Choosing running shoes that fit perfectly is one thing, but lacing them to avoid injuries is another thing. Experts say that how you lace your shoes can affect your performance and overall running experience. Most runners slip on a pair of running shoes and they don’t feel anything wrong, however, when they start jogging around or on the treadmill, they start to feel some pain. At this point, they might be having some injuries. Learning to lace running shoe properly can ease common foot-related woes while maintaining good health. Below are the top ways to lace running shoes to prevent injuries.
This technique allows your feet to move inside your running shoes more freely thus alleviate the pressure on your feet. When lacing each shoe, you should skip the bottom pair of holes, which are nearest to the toe. Meaning, you start threading the second pair of holes and lace upward towards your ankle.
You should also tighten the laces and use the normal pattern you usually use to secure your running shoes. But, avoid too much tightening as it can be a bit uncomfortable.
Black toenail method helps prevent irritation by lifting the shoe’s toe box. Start with the bottom pair of holes and lace them normally, however, make the outer section of lace twice as long as it is on the inner side. Take the shorter sides from the inside through the top hole on the shoe’s opposite side. Bring the longer piece up through the next hole on the opposite side. Then take it down through the hole across from it. Do the same to the remaining holes and the other shoe.
This shoe lacing method allows the shoe to be more snug around the ankle. Here, you should lace all the holes except for the set located closest to your ankle. Thread one end of the lace through the next hole on the same side of the shoe while leaving enough slack in the lace to form a small loop. Do the same to the other shoes. Then bring each lace through the loop on the opposite side and pull to tighten. Finally, tie the shoes as you normally do.
Lacing Techniques for Various Sizes
Apart from the basic lacing shoe to avoid injuries, it’s important you learn to lace shoes depending on their sizes. All shoes are made different; we have instances when there are areas wider or tighter than the other. It becomes a bit tricky if your foot doesn’t have the standard size. Now, how do you tie laces for different shoe sizes?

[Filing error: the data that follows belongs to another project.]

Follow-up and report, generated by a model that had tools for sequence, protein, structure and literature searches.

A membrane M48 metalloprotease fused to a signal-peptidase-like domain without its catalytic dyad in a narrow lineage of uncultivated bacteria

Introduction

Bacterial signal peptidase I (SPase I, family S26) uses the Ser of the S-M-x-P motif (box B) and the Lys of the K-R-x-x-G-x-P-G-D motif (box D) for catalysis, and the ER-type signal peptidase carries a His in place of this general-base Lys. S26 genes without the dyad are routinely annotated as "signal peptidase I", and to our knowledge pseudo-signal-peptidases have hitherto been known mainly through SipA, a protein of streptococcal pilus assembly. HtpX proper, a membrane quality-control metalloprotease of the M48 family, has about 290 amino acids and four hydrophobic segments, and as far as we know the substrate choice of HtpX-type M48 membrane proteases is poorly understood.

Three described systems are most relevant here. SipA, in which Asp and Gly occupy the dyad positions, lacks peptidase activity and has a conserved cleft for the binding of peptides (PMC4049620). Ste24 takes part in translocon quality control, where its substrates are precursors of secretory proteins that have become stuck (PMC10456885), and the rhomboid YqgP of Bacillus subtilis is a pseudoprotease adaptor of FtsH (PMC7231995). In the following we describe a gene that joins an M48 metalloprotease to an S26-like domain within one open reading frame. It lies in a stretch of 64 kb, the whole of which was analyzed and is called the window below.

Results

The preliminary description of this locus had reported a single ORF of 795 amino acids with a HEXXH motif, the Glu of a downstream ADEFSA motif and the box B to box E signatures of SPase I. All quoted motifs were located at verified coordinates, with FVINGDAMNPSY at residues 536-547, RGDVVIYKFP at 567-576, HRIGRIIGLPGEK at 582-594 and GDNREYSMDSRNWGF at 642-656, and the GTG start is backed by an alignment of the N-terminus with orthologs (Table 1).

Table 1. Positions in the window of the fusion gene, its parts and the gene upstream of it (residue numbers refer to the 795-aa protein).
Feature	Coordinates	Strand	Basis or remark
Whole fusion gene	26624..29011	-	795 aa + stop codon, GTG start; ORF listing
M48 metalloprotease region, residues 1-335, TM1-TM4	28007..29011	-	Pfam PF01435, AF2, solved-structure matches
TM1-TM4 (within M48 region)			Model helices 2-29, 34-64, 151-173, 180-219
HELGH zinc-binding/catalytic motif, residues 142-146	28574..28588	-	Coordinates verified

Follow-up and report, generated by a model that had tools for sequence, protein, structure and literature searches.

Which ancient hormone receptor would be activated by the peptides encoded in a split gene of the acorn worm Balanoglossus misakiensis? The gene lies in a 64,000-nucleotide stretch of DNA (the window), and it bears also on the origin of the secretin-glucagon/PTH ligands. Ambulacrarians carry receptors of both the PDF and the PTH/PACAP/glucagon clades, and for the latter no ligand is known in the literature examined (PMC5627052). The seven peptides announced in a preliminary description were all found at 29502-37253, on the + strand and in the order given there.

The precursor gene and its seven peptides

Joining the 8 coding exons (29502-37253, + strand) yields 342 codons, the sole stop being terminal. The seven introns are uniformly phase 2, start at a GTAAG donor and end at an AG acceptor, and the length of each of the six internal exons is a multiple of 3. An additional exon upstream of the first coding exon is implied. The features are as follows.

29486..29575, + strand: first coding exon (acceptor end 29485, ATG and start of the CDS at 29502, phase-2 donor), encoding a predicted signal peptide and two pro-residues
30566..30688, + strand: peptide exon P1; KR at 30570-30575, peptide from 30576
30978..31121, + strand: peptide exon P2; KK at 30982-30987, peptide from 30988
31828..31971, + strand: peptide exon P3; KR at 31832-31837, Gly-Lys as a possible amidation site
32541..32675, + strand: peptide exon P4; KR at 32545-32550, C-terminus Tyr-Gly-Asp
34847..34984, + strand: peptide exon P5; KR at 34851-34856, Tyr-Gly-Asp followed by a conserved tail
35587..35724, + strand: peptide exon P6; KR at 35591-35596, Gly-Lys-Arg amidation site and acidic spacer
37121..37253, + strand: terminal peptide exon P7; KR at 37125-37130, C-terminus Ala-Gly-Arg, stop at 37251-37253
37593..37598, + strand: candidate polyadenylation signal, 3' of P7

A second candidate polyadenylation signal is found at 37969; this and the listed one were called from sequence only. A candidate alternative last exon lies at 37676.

1. Wide Forefoot Lacing Technique
If your foot is wide, you might find some relief in this lacing technique. Having a wide forefoot isn’t something unusual and we have companies that offer wider shoe models. When lacing for wider feet, just feed the laces up each side of the shoes and finish by using a crisscross technique at the top. If this technique doesn’t work, you should consider buying shoes for wider feet and then lace them as stated above.
2. Narrow Feet Lacing Technique
Having a narrow foot means that even if you get the length properly, chances are your running shoe will feel roomy at the heel, forefoot or a combination of the two. This lacing method helps to perfect the grip for a narrow foot. Having a less foot isn’t that popular but you can find shoes that fit your feet. When lacing, crisscross the laces as usual, but add a loop-lacing lock halfway up the shoes to double the laces over your midfoot to ensure a tighter fit. Remember to give some room for the foot to flex or the toe to splay for better performance. Ease the pressure of the lacing, because too tight laces could hinder proper blood circulation resulting in numbness.
When choosing a running shoe, consider those with long laces to allow for the runner’s loop and be able to do any of the above lacing tricks comfortably. Additionally, any worn out laces should be replaced with new ones that match both the shape and length of your previous pair. For those with loosening knots problems, they should switch from round to flat laces. You might also want to switch from synthetic material like nylon laces to a natural fiber like cotton. Remember, most shoes come with laces that have an equal lifespan as the shoes. So, if you’re on your third or fourth set of laces, it might be time you replace your running shoes too.
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